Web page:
The exterior of Pakistan’s newest plutonium-production reactor appears almost complete, though it is unclear when the reactor will be up and running.
Satellite photography captured as recently as Nov. 1 “clearly shows that the external construction of the fourth reactor building [at the Khushab nuclear complex] appears nearly complete,” Serena Kelleher-Vergantini and Robert Avagyan find in an Institute for Science and International Security report published on Friday.
However, the imagery also shows that a “considerable amount of additional construction” remains under way at the reactor site, according to the report.
Islamabad does not provide updates to the international community on the status of efforts to expand its fissile-material production capabilities. That leaves the public just a few sources of information about the program, such as commercial-satellite images.
“Given that satellite imagery provides limited indication of the reactor’s operational status, predicting when the fourth reactor will become operational is difficult,” write Kelleher-Vergantini and Avagyan.
The fourth reactor appears to have a layout slightly different from the two reactors that immediately preceded it at Khushab. Construction of the new heavy-water reactor has also moved at a more sluggish pace than was earlier predicted. This could be the result of working out the kinks of a new reactor blueprint or for an entirely different reason that cannot be detected by satellite, according to the ISIS report.
The space-based surveillance did not turn up any signs that work had begun on a potential fifth plutonium reactor at Khushab, the authors noted.
Pakistan is believed to be growing its plutonium-production capacity in order to allow it to acquire an arsenal of plutonium-fueled warheads. Its current nuclear arsenal uses uranium-based warheads.
This article was published in Global Security Newswire, which is produced independently by National Journal Group under contract with the Nuclear Threat Initiative. NTI is a nonprofit, nonpartisan group working to reduce global threats from nuclear, biological, and chemical weapons.
What We're Following See More »
No matter that his recall of foreign leaders leaves something to be desired, Gary Johnson is the choice of the Chicago Tribune's editorial board. The editors argue that Donald Trump couldn't do the job of president, while hitting Hillary Clinton for "her intent to greatly increase federal spending and taxation, and serious questions about honesty and trust." Which leaves them with Johnson. "Every American who casts a vote for him is standing for principles," they write, "and can be proud of that vote. Yes, proud of a candidate in 2016."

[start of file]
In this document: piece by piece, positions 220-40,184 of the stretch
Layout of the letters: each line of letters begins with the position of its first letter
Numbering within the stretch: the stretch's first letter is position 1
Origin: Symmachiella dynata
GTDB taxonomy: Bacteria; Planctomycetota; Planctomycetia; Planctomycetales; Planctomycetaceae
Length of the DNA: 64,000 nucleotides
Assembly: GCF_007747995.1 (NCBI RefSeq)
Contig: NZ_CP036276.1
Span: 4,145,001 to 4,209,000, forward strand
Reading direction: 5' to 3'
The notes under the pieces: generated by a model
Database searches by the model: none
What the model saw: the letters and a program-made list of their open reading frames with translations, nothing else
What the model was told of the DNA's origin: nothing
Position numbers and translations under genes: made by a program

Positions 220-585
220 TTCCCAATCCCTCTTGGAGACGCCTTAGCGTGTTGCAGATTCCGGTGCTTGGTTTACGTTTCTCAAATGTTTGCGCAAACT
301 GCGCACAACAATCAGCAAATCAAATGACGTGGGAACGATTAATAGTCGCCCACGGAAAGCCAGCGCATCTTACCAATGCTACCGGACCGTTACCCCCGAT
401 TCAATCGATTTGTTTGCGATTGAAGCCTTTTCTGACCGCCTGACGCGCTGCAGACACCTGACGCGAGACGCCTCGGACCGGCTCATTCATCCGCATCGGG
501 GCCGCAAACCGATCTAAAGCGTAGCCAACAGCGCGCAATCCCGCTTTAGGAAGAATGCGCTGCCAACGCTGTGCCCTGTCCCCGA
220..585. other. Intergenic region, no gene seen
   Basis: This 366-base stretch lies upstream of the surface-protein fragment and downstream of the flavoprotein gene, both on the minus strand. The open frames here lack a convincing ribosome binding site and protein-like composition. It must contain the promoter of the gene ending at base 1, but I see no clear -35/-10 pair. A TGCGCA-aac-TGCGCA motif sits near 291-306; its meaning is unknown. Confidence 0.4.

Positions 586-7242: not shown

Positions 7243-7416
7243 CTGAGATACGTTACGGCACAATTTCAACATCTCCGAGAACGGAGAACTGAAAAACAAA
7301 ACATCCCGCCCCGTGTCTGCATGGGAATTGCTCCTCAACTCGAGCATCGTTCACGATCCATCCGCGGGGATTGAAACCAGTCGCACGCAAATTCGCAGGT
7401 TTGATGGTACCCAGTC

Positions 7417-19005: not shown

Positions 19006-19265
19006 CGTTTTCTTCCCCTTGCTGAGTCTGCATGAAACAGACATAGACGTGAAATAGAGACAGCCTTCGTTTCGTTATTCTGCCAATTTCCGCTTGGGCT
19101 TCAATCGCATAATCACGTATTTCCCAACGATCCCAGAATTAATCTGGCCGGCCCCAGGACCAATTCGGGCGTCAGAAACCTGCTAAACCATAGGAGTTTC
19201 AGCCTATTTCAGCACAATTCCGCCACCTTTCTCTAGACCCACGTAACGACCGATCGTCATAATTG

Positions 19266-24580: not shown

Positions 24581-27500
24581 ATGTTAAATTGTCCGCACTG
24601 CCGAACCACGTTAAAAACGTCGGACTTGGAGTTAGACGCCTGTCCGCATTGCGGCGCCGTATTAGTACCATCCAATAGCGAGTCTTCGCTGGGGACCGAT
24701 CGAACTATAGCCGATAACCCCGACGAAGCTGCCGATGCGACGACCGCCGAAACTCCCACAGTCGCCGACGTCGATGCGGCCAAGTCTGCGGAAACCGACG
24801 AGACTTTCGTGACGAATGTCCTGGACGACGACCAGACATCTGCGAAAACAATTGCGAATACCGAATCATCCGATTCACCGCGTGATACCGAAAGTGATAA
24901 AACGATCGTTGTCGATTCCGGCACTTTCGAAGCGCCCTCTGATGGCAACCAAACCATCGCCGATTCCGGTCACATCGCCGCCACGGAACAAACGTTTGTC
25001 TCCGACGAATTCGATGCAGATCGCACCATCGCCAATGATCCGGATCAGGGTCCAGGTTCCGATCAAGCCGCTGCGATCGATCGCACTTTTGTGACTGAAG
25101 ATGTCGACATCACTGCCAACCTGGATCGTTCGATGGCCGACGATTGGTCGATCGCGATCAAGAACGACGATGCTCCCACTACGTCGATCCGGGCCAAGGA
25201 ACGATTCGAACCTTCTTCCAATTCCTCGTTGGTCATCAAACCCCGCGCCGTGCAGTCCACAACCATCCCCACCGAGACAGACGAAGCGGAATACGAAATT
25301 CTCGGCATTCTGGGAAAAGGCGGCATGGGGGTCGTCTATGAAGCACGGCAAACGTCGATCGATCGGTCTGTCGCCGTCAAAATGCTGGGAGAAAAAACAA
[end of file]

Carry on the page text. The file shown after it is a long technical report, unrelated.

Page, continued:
Speaking at the funeral of former Israeli Prime Minister Shimon Peres, President Obama "compared Peres to 'other giants of the 20th century' such as Nelson Mandela and Queen Elizabeth who 'find no need to posture or traffic in what's popular in the moment.'" Among the 6,000 mourners at the service was Palestinian President Mahmoud Abbas. Obama called Abbas's presence a sign of the "unfinished business of peace" in the region.
Three million—a number that lays "bare the significant gap between Donald Trump’s bare-bones operation and the field program that Clinton and her hundreds of aides have been building for some 17 months."
In a somewhat shocking move, the Chicago Tribune has endorsed Libertarian candidate Gary Johnson for president, saying a vote for him is one that voters "can be proud of." The editorial barely touches on Donald Trump, who the paper has time and again called "unfit to be president," before offering a variety of reasons for why it can't endorse Hillary Clinton. Johnson has been in the news this week for being unable to name a single world leader who he admires, after earlier this month being unable to identify "Aleppo," a major Syrian city in the middle of the country's ongoing war.
"By all means vote, just not for Donald Trump." That's the message from USA Today editors, who are making the first recommendation on a presidential race in the paper's 34-year history. It's not exactly an endorsement; they make clear that the editorial board "does not have a consensus for a Clinton endorsement." But they state flatly that Donald Trump is, by "unanimous consensus of the editorial board, unfit for the presidency."